‘The solution is really system wide’: Long wait times defy quick fixes

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  1. Judy

    A system wide solution requires central oversight and logistical planning. Not disconnected solutions from 14 LHINs and more subLHIN bureaucracies. Did we learn anything from the eHealth EHR boondoggle? Experts in systems required, not doctors. Deputy minister deluded and in denial.

  2. James Murtagh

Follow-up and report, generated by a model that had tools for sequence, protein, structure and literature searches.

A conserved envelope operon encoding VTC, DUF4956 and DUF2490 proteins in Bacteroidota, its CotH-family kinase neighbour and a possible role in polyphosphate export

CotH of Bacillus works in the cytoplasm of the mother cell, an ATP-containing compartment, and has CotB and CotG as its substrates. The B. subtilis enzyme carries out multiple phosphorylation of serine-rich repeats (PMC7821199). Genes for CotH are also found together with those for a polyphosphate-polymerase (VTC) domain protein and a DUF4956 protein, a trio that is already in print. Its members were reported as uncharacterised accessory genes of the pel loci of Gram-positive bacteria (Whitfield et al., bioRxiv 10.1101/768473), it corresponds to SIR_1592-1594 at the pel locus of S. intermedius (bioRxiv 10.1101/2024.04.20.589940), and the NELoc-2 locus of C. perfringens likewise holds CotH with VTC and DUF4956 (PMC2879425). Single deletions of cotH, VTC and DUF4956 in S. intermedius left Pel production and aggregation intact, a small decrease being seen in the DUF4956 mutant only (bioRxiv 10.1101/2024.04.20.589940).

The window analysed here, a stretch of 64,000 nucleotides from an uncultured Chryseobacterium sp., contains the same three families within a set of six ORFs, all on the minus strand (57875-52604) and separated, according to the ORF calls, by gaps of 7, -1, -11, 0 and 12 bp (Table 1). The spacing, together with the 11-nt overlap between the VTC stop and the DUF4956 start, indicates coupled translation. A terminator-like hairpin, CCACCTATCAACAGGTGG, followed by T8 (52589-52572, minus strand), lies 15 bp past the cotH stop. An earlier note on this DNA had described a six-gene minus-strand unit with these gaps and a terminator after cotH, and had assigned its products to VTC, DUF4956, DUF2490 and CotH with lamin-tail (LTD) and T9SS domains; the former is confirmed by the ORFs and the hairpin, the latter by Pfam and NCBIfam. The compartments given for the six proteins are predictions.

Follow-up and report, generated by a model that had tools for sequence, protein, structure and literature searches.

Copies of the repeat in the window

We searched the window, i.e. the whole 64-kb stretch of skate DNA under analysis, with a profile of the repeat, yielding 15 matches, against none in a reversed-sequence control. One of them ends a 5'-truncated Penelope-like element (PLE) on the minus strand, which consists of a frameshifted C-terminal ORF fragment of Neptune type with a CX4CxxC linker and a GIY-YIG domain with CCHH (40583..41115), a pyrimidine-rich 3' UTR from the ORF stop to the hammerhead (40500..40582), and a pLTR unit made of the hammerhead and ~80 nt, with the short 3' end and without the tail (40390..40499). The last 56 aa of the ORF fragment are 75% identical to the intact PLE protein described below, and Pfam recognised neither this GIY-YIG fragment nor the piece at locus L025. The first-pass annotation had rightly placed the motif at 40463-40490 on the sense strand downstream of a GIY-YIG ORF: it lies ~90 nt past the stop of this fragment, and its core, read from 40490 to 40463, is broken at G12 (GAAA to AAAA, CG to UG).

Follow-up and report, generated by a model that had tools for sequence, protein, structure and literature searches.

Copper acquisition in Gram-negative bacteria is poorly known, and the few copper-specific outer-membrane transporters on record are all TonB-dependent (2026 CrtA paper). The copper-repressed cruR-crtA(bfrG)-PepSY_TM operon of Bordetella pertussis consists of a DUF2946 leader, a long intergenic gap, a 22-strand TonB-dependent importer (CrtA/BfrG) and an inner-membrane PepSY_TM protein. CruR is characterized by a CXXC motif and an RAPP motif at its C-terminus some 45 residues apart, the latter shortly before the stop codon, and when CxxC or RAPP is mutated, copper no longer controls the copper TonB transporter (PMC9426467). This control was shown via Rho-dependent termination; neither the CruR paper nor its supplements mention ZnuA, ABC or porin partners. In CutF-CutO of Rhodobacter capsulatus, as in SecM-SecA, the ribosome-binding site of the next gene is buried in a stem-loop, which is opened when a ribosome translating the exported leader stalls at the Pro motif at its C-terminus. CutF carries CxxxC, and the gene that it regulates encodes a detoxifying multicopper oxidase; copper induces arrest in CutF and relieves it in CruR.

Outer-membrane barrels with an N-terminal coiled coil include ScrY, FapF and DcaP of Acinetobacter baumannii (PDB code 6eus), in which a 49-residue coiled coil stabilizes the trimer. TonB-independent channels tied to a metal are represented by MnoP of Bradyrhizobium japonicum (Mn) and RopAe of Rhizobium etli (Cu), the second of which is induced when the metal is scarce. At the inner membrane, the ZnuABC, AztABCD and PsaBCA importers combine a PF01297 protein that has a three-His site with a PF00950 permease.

I began my career as a health administrator 30-years ago. The litany of challenges listed above and the few possible solutions are not particularly new. In fact, when I look at the challenges which constantly garner attention in the press, in professional journals and elsewhere I see almost nothing I did not encounter in my first week on the job. What has changed are the reasons we offer as to why things don’t change. It is true there are system level issues but I fear the ‘system’ perspective simply leads to paralysis as either no one has the authority to mandate change or, alternatively, the courage. Many health care commentators lack deep experience as patients and all of us who work in the ‘system’ should, no matter how sound the commentary, blush a little when we are so bold as to offer diagnoses and therapeutic options for the health system. We have been pontificating for 30-years and still patients face the same frustrations in accessing care. One would think we should have a credibility issue by now! For my part I think there is room for rapid and substantive change in some areas but most will not occur because health care leaders have been co-opted by government. We are employees in all but name and go to great lengths not to challenge government dogma. This is especially true of administrators who, unlike almost any other profession, has no independent voice challenging the status quo. Bottom line…lets not get so wrapped up in our analyses that we are still talking about the same issues 30-years from now.

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